True Colours

The oldest moa feathers yet discovered and their DNA are providing New Zealand and Australian scientists with clues to the plumage of the giant bird – perhaps not unlike a giant chicken and speckled in appearance. Scientists from Landcare Research and Adelaide University identified four different moa species after gathering ancient DNA from moa feathers believed to be at least 2500 years old. Adelaide University doctoral researcher Nicolas Rawlence says usually when artists reconstruct the big bird, they refer to related species, like the Australian emu, as a model for its plumage. But do moa really look like emus? By digitally comparing the colour of ancient red-crowned parakeet feathers found alongside the moa feathers, with living parakeet feathers, the researchers could determine that the feathers at the site had not faded. Recreated feathers produced the same speckled plumage as seen in the kiwi.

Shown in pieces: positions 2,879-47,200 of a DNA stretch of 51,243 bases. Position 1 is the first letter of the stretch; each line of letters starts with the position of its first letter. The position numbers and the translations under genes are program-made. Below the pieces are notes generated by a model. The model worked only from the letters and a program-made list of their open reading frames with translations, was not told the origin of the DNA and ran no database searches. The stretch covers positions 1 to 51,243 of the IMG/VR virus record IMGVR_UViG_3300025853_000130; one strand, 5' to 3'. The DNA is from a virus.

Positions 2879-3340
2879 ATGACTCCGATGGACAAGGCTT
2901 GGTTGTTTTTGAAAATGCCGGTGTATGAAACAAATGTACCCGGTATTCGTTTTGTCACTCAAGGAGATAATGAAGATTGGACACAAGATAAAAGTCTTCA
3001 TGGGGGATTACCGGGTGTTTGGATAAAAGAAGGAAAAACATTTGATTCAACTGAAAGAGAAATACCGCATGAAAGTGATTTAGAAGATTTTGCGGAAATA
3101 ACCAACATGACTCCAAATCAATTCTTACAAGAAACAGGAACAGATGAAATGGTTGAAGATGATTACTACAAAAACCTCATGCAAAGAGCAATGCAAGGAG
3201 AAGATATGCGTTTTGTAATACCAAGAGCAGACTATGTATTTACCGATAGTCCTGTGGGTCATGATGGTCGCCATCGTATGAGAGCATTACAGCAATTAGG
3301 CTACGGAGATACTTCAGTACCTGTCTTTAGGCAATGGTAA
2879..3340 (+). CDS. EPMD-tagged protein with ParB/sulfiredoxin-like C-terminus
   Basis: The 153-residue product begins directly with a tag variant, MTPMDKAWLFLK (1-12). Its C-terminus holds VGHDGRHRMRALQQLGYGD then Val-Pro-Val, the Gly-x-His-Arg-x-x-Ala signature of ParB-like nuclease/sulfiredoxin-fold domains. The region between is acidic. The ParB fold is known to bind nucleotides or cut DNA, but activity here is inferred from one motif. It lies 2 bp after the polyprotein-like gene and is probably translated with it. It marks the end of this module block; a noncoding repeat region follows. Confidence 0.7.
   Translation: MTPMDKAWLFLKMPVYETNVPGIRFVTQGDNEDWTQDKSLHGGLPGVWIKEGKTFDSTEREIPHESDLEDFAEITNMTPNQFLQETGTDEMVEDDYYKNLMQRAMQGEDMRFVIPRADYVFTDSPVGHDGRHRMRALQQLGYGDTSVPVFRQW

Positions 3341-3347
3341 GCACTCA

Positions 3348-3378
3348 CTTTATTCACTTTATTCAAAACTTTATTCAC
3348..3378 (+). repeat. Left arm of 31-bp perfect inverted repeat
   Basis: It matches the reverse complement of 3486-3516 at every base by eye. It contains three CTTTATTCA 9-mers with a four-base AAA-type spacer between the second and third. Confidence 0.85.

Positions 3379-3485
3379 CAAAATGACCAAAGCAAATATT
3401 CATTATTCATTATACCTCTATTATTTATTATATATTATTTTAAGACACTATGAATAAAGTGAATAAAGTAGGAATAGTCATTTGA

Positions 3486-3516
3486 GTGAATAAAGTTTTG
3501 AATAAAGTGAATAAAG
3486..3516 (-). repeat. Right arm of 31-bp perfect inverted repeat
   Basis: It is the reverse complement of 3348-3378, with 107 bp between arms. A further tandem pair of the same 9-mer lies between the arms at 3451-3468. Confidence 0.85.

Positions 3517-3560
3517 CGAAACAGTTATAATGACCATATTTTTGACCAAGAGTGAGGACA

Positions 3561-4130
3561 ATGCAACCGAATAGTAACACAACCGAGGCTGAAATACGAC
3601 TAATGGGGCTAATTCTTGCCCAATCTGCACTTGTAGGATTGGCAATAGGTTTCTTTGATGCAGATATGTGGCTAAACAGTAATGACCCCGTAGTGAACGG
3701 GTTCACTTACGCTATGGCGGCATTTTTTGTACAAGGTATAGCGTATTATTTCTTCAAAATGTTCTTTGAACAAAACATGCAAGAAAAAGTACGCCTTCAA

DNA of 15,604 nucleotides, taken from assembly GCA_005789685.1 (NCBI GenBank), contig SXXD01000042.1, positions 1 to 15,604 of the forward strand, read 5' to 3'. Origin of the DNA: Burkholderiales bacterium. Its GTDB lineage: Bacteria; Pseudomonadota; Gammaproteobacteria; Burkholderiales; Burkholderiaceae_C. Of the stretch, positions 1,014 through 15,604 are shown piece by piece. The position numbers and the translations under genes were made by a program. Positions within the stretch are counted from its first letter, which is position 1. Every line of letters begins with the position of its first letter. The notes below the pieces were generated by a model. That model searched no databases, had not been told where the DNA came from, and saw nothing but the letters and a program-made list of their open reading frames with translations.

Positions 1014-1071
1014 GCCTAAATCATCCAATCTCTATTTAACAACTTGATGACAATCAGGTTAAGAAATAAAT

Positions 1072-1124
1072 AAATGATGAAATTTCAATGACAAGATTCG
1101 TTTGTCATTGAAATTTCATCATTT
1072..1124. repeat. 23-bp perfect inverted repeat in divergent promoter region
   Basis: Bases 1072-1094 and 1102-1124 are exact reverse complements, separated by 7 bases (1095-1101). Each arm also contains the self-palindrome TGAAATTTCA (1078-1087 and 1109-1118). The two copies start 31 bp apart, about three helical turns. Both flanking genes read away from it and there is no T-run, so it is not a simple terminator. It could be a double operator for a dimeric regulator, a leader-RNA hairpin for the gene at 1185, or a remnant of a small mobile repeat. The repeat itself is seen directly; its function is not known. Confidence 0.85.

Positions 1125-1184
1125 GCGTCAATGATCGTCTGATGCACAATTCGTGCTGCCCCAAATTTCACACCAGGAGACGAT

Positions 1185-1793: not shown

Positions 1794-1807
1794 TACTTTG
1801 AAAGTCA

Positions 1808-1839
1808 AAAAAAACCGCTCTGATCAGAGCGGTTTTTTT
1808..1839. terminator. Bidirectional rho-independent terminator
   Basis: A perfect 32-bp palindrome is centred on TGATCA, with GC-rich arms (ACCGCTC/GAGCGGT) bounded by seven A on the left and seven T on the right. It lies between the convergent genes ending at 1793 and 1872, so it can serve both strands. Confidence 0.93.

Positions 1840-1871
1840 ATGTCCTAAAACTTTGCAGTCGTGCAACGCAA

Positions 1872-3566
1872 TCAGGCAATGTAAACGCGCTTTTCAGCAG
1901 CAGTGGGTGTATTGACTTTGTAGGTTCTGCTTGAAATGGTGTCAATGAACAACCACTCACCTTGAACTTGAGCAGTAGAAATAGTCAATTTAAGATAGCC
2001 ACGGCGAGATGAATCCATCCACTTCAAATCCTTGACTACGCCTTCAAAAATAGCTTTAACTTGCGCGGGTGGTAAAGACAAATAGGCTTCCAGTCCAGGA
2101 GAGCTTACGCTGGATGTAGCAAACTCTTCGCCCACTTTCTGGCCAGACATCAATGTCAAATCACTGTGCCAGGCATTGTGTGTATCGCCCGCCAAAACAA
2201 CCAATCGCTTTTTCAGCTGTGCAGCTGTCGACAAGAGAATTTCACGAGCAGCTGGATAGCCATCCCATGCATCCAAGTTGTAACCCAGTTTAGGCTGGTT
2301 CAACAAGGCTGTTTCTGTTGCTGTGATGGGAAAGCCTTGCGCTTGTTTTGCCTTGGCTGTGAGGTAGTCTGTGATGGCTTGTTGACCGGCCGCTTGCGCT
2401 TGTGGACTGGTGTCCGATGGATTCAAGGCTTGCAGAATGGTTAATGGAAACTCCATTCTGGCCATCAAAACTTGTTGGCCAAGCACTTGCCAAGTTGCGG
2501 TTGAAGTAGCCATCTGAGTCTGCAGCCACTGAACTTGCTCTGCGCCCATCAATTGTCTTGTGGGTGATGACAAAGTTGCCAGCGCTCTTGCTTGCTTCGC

Tags: moa  Radio Australia  

Te Papa’s Te Taiao Nature an Urgent Call to Action

Te Papa’s Te Taiao Nature an Urgent Call to Action

Dunedin-based Guardian journalist Eleanor Ainge Roy writes on Te Papa’s biggest development since its inception 21 years ago, the result of the largest ever investment in a museum exhibition in the…